Ride hailing is operating in Toronto and other North American cities, but B.C. hasn’t licensed any services yet. (Flickr)

Ride hailing is operating in Toronto and other North American cities, but B.C. hasn’t licensed any services yet. (Flickr)

Transportation

Surrey Board of Trade calls for ‘level playing field’ for taxi industry, ride hailing

SBOT pleased to see B.C. set no municipal boundaries for ride hailing, calls for same in taxi industry

Surrey Board of Trade says it’s pleased with B.C.’s Passenger Transportation Board announcement that there will be no municipal boundaries set for ride-hailing operators in the province, but argues the same rules should apply to the taxi industry.

“The Surrey Board of Trade wants to see a level playing field for the taxi industry as well,” said SBoT CEO Anita Huberman in a release. “That has always been a part of our ride hailing industry position. The B.C. Government should open up municipal boundaries for all taxi companies in Metro Vancouver.”

READ MORE: B.C. sets rules for ride hailing, same minimum fee as taxis

Ride-hailing companies can be licensed for a single-operating zone that includes Metro Vancouver, the Fraser Valley and Squamish-Whistler, or other large regions of the province.

Passenger Transportation Board chair Catherine Read acknowledged Monday that taxi companies are opposed to this, because the board continues to restrict their pickup zones to Surrey and other historical operating limits of competing taxi companies.

Other new regulations announced Aug. 19 include:

z No limit on the ride hailing fleet size, however, the Passenger Transportation Board says they may re-evaluate caps in the future.

z Flag rates for ride hailing will be the same as taxi. That means the minimum rate will be same as getting into a cab. There will be no caps on rates which means ride-hailing companies can still use surge pricing. Rideshare companies won’t be able to use coupons or discount codes.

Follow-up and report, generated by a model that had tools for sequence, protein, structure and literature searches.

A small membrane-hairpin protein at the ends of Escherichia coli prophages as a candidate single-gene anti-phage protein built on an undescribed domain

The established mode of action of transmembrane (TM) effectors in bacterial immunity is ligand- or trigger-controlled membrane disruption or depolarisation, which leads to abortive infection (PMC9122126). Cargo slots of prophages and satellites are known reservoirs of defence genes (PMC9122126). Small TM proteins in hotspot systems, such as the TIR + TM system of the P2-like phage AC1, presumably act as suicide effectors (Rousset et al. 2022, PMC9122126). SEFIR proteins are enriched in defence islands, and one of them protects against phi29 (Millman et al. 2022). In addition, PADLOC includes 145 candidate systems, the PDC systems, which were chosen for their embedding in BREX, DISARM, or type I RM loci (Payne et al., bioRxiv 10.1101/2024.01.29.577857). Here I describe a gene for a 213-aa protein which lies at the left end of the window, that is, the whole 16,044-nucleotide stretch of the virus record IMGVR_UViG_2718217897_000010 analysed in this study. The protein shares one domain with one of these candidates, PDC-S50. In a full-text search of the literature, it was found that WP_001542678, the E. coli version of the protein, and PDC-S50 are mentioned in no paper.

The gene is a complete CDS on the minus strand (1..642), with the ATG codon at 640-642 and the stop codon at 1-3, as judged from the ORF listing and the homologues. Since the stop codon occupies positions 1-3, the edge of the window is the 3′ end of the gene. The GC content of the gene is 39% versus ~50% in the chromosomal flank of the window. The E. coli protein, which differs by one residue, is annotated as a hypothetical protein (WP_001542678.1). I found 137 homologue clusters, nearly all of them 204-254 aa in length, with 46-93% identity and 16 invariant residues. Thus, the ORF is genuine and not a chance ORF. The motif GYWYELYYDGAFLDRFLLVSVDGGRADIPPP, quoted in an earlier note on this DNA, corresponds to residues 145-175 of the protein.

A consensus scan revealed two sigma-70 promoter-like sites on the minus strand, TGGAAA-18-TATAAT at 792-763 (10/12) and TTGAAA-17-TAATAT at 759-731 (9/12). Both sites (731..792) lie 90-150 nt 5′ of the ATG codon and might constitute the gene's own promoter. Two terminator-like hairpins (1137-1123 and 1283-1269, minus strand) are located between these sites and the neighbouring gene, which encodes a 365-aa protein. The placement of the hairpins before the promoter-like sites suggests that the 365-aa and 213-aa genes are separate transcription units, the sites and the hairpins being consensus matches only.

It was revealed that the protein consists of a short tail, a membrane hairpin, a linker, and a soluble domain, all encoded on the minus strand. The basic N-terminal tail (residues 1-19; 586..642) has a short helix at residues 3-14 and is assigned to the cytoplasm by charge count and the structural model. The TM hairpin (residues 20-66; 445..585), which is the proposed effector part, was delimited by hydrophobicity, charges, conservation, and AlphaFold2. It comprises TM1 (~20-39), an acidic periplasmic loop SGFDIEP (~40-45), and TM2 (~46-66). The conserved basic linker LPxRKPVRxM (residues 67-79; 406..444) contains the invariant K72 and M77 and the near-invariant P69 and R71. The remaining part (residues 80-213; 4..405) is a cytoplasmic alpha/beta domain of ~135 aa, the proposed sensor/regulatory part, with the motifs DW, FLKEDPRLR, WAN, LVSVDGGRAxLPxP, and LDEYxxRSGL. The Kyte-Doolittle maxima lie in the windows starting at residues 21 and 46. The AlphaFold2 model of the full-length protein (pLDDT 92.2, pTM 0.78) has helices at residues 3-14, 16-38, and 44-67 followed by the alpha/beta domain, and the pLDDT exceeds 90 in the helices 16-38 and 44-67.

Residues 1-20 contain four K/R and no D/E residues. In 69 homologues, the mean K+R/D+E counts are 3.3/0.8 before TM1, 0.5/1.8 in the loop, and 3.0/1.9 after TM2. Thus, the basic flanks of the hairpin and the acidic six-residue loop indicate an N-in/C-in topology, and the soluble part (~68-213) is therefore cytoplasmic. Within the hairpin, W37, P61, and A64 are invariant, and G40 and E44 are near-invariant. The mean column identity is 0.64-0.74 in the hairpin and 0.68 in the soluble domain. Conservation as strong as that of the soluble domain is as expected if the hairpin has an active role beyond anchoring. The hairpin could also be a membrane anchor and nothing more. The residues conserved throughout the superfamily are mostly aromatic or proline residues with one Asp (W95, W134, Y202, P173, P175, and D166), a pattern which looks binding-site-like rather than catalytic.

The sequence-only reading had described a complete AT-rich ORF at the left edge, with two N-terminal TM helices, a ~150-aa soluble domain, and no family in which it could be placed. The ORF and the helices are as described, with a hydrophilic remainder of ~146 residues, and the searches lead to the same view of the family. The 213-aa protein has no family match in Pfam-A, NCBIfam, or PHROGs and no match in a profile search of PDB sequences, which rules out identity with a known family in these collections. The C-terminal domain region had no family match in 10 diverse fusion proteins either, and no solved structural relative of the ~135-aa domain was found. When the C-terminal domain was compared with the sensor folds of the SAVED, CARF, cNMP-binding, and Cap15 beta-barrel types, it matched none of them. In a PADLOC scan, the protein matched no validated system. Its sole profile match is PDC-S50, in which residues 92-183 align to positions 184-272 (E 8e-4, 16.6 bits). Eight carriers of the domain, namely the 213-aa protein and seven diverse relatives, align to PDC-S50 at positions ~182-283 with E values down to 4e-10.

z Large regional boundaries for ride-hailing companies. Metro Vancouver is a region and vehicles can drop off outside of their boundaries but cannot pick up.

Huberman also reiterated the business group’s long-standing position that the B.C.’s planned licensing restrictions are too high. The B.C. government has stated it will require class four commercial driver’s licences for ride hailing, the same licence required to drive a taxi or limousine.

That licensing requirement is a misstep, according to Surrey Board of Trade, which calls for allowing taxi and ride-sharing drivers to instead use the lower Class 5 licence in B.C., similar to Ontario, Manitoba and Saskatchewan but only if “the driver meets strict safe driver screening criteria.”

Huberman said the business group is “disappointed that Class 4 licence requirements continue to be a part of the regulation and said “this needs to be revisited by government to enable full market participation.”

“Surrey, who has been starved of transit and transportation options, needs no restrictions on ride-hailing services and to those that want to participate, to give our business community and residents travel options,” she added.

The province will begin accepting applications on Sept. 3.

-Files from Tom Fletcher